I picked up the manuscript that Mr. Dodgson had given me when I visited him entitled, Alice’s Golden Hour. While flipping through the pages to find a particular passage, I asked Mr. Dodgson a question about his work.

“Might I inquire as to the origin of one of the fictional characters whom Alice meets in Wonderland — The Cheshire Cat?”

“Frankly, I believe the idea came to me from an old expression I learned as a child”, replied Mr. Dodgson after momentarily pondering the question. “I believe it to be derived from a cheese which was sold in Cheshire, near my home. The cheese was molded in the shape of a cat.  The cheese was cut from the tail end first, so that the last part eaten was the head of the smiling cat”.

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“Very well”, I said. “Let us then observe that you have extracted something from the reality of your childhood, and with a liberal application of your creative imagination have used it to conjure an illusion…an alternative to reality, as it were. Is this not so, Mr. Dodgson?”

“Well, yes, I suppose. However, I fail to see what relevance my fictional tales have to our current situation. Certainly you do not suppose that I am to believe that reality can be conjured from a work of fiction?  The notion is absurd!”, he replied.

“I do not ask you, or anyone, to believe anything whatsoever. Belief is a matter of personal opinion or conviction which cannot be shared by anyone else, accept to the degree that they share a similar opinion.  Some  men believe that the world was created by an omnipotent, invisible being in seven days. People in some aboriginal tribes believe that the world is supported on the back of an enormous elephant which stands upon the shell of a colossal tortoise”, I said, finally arriving at the pages I was looking for in the manuscript.

“As for myself, I believe that what is true for you is true for you, although no other person may agree upon your belief. Regardless, a truth for you, may not be true for others. Is that not a fundamentally sound assumption?”, I asked.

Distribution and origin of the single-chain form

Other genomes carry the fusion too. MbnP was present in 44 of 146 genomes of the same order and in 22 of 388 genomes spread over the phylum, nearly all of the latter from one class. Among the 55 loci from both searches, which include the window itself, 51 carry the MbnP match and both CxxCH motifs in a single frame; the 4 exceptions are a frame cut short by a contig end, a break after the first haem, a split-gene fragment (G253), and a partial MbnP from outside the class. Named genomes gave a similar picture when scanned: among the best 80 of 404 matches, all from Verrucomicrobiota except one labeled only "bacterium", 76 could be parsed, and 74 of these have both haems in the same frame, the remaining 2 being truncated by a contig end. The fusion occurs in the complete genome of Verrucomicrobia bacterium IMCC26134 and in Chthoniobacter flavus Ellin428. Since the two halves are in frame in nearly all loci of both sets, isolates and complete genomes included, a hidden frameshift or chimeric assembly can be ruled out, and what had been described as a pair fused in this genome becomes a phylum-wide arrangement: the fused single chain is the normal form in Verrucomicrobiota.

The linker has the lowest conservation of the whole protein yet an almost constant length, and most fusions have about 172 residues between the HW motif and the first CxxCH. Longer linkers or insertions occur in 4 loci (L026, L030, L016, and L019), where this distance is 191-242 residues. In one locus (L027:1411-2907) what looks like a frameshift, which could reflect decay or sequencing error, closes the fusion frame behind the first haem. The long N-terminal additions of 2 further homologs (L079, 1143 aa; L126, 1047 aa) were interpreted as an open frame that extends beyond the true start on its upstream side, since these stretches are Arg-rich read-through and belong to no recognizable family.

“I suppose you are right Mr. Holmes. It is difficult, if not impossible, to stay apace of your ability to remain logical in the face of a situation which is so absurdly enigmatic. You are proposing that the philosophical paradigm of reality should be considered of equal importance with fiction. How can you ever solve a criminal case, your occupation, if every piece of hard evidence could be a contrivance of imagination on the part of the investigator or of the criminal?”, said Mr. Dodgson.

“Quite the contrary”, I said. “But rather than keeping to my methods alone, let me ask you what meaning you attribute to the following passage in your book”, I said, turning to the page which described in the encounter between Alice and the Cheshire Cat.

“Let me read your own words to you.”

“…she was a little startled by seeing the Cheshire Cat sitting on a bough of a tree a few yards off.

The Cat only grinned when it saw Alice. It looked good-natured, she

thought: still it had VERY long claws and a great many teeth, so she

felt that it ought to be treated with respect.

‘Cheshire Puss,’ she began, rather timidly, as she did not at all know

whether it would like the name: however, it only grinned a little wider.

‘Come, it’s pleased so far,’ thought Alice, and she went on. ‘Would you

tell me, please, which way I ought to go from here?’

‘That depends a good deal on where you want to get to,’ said the Cat.

‘I don’t much care where–‘ said Alice.

‘Then it doesn’t matter which way you go,’ said the Cat.

‘–so long as I get SOMEWHERE,’ Alice added as an explanation.

‘Oh, you’re sure to do that,’ said the Cat, ‘if you only walk long

enough.’

Alice felt that this could not be denied, so she tried another question.

‘What sort of people live about here?’

‘In THAT direction,’ the Cat said, waving its right paw round, ‘lives

a Hatter: and in THAT direction,’ waving the other paw, ‘lives a March

Hare. Visit either you like: they’re both mad.’

‘But I don’t want to go among mad people,’ Alice remarked.

‘Oh, you can’t help that,’ said the Cat: ‘we’re all mad here. I’m mad.

You’re mad.’

‘How do you know I’m mad?’ said Alice.

‘You must be,’ said the Cat, ‘or you wouldn’t have come here.’

Alice didn’t think that proved it at all; however, she went on ‘And how

do you know that you’re mad?'”

“So, Mr. Dodgson, let me pose the same question to you that young Alice asked of the chimerical cat in your own story: how do you know whether you are mad or not mad? How would you satisfy yourself that I am not mad? How do we know that everyone is mad or not mad?”, I said, rising from my chair to place the manuscript upon the sideboard. “